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Details on IPhOD: organization and measures
The IPhOD was calculated over a large word set in calculations for phonotactic probability and neighborhood density, after the approach of Vitevitch and Luce (1999). Phonotactic probabilities refer to the concurrence likelihood of some sequence of sounds that are present in a given word. Phonological neighborhood density counts the number of words that share all but one phoneme with a particular word or pseudoword. Positional probabilities refer to the average likelihood of each phoneme occurring in each position of a word. These counting and probability measures also were weighted using frequency and log frequency to reflect their occurrence in natural language.
The IPhOD measures extend on definitions from Vitevitch and Luce (1999), by performing these calculations while distinguishing vowels with different syllable stress placement or not. In stressed calculations, otherwise identical vowel sounds are considered to be distinct phonemes depending on primary, secondary, or no-stress placement. The so-called unstressed calculations collapse vowel sounds into single phoneme categories. This may allow syllable stress related hypotheses to be tested, since the information was available in the transcriptions in the Carnegie-Mellon Pronouncing Dictionary (Weide, 1994).
Version 2.0 versus 1.4
IPhOD version 2.0 contains phonotactic and density estimates, American English transcriptions of 1-28 phonemes, and word frequencies for 54,030 word and 814,840 pseudoword entries. Each entry contains an American English phonetic transcription from the Carnegie-Mellon Pronouncing Dictionary (Weide, 1994), and written word frequencies from the SUBLEXus database (Brysbaert & New, 2009). Neighborhood density and word averaged phoneme-sequence probabilities were extrapolated from those data using the same formulas for words and pseudowords, so that entries of either type could be chosen using identical criteria.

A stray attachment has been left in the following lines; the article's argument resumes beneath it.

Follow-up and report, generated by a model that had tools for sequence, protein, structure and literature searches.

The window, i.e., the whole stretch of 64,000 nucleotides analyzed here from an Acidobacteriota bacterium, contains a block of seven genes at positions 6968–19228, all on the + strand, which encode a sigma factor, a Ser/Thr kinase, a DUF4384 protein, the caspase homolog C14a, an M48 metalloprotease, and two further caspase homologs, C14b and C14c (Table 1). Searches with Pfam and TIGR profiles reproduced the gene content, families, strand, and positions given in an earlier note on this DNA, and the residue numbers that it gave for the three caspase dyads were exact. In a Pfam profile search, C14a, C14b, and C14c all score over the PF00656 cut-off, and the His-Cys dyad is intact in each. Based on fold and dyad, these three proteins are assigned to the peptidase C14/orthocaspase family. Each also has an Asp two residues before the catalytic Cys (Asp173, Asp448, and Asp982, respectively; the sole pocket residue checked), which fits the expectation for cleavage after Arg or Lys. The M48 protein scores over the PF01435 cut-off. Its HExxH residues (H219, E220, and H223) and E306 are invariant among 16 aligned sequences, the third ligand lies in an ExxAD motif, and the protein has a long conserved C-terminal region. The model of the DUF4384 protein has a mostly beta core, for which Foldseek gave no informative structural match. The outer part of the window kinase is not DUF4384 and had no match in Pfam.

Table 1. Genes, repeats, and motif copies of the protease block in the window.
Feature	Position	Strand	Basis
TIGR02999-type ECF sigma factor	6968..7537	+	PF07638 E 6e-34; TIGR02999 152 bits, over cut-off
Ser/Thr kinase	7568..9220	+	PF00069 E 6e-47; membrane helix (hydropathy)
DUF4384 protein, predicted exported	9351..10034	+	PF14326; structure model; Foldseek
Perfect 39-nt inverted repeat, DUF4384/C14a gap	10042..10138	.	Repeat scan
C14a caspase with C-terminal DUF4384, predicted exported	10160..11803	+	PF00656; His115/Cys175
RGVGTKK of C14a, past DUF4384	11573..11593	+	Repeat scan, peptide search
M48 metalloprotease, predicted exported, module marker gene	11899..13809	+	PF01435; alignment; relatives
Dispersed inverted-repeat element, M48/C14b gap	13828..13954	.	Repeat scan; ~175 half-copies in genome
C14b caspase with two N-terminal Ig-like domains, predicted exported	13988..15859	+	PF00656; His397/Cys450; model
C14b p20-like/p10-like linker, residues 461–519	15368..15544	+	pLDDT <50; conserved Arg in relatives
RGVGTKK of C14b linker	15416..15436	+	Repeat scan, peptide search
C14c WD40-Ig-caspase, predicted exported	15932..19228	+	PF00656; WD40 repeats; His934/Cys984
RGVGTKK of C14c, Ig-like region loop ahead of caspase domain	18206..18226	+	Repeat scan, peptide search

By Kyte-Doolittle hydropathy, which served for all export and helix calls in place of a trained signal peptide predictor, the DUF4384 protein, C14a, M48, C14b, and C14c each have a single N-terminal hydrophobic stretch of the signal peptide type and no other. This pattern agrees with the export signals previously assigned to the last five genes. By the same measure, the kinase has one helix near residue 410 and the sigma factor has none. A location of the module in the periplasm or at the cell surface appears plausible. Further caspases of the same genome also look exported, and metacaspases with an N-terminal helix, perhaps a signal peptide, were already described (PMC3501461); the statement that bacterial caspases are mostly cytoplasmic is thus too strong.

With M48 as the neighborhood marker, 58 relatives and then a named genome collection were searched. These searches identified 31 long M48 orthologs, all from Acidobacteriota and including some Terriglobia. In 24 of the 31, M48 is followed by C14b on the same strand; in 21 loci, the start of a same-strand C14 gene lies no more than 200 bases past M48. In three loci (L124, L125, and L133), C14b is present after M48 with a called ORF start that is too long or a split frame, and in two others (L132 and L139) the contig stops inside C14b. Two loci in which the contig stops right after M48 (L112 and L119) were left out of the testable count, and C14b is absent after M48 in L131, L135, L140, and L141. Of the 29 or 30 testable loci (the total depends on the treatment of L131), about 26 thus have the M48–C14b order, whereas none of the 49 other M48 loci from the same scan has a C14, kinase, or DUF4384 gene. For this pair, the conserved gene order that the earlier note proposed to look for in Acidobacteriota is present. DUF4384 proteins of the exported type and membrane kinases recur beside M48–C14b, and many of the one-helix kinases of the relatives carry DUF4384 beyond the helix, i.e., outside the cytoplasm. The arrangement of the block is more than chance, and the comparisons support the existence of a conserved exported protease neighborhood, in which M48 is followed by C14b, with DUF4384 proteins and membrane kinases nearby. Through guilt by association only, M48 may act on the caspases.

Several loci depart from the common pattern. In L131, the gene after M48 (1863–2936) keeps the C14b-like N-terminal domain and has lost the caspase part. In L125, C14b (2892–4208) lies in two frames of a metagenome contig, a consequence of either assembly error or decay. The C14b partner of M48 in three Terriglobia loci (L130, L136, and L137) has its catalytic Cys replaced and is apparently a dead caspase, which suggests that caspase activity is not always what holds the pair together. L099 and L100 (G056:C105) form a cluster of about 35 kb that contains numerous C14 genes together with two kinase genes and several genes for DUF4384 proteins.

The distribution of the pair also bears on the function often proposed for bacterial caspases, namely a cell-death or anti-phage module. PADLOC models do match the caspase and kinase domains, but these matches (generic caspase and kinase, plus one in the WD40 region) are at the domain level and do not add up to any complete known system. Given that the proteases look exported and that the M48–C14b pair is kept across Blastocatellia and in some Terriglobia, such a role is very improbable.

IPhOD version 1.4 contains transcriptions of 1-17 phonemes, and word frequencies for 33,432 words and 814,840 pseudowords. Each entry contains an American English phonetic transcription from the Carnegie-Mellon Pronouncing Dictionary (Weide, 1994), and Kucera-Francis written word frequencies (1967) from the MRC Psycholinguistic Dictionary (Wilson, 1988).
Additional Information about Version 2.0
Different ways of saying the same thing? IPhOD version 2.0 introduced homophones and homographs to the database. This addition required special steps to be taken to avoid double-counting pronunciations or double-weighting with written word frequencies. For each measure in the database, homophones were counted separately in weighted counts since they had different written frequencies in SUBTLEXus, because words that are pronounced identically but have different spellings and therefore different written frequencies. However, homophone entries were counted only once for raw counts, since their pronunciations are indistinct. Homographs were handled oppositely: weighted counts used only one entry since there was no way of assigning written word frequency to multiple pronunciations of the same orthographic item. Meanwhile, all of the various pronunciations of homographic entries could be counted separately for the raw count. Previous versions of IPhOD had a single pronunciation for each spelling, and did not treat homographs differently from the other words.
Version 2.0: All Values by Column Number and Title:
Additional Information about Version 1.4
Words & Pseudowords: nearly identical file structure ... with 2 key differences. The database contains identically organized columns in the word and pseudoword textfiles, with TWO exceptions. First, in the Word collection, the last two columns show Kucera Francis frequencies, while pseudowords have neither values. The second difference is that the first column of the pseudoword file shows the *word that was changed to produce the pseudoword*. The pseudoword files seem confusing at first, since many people read the "word" column entry, and don't see the different MRC transcription, which is really the pseudoword, as it is pronounced. Each pseudoword was generated by changing one phoneme from a real word, so it helps to see what that word was when you're going to try to pronounce it correctly. For example, "Fox" might show up as the pseudoword "word" entry - but reading the transcription columns tells you "F AH Z", so it is pronounced "Foz".
Version 1.4: Summary of Columns and Contents
Each file of the database contains columns 1-44, and all word entries contain Kucera-Francis word frequencies (columns 45, 46). IPhOD values are used for finding items, or to quantify aspects of specified wordlists (# neighbors, etc.).
Version 1.4: All Values by Column Number and Title: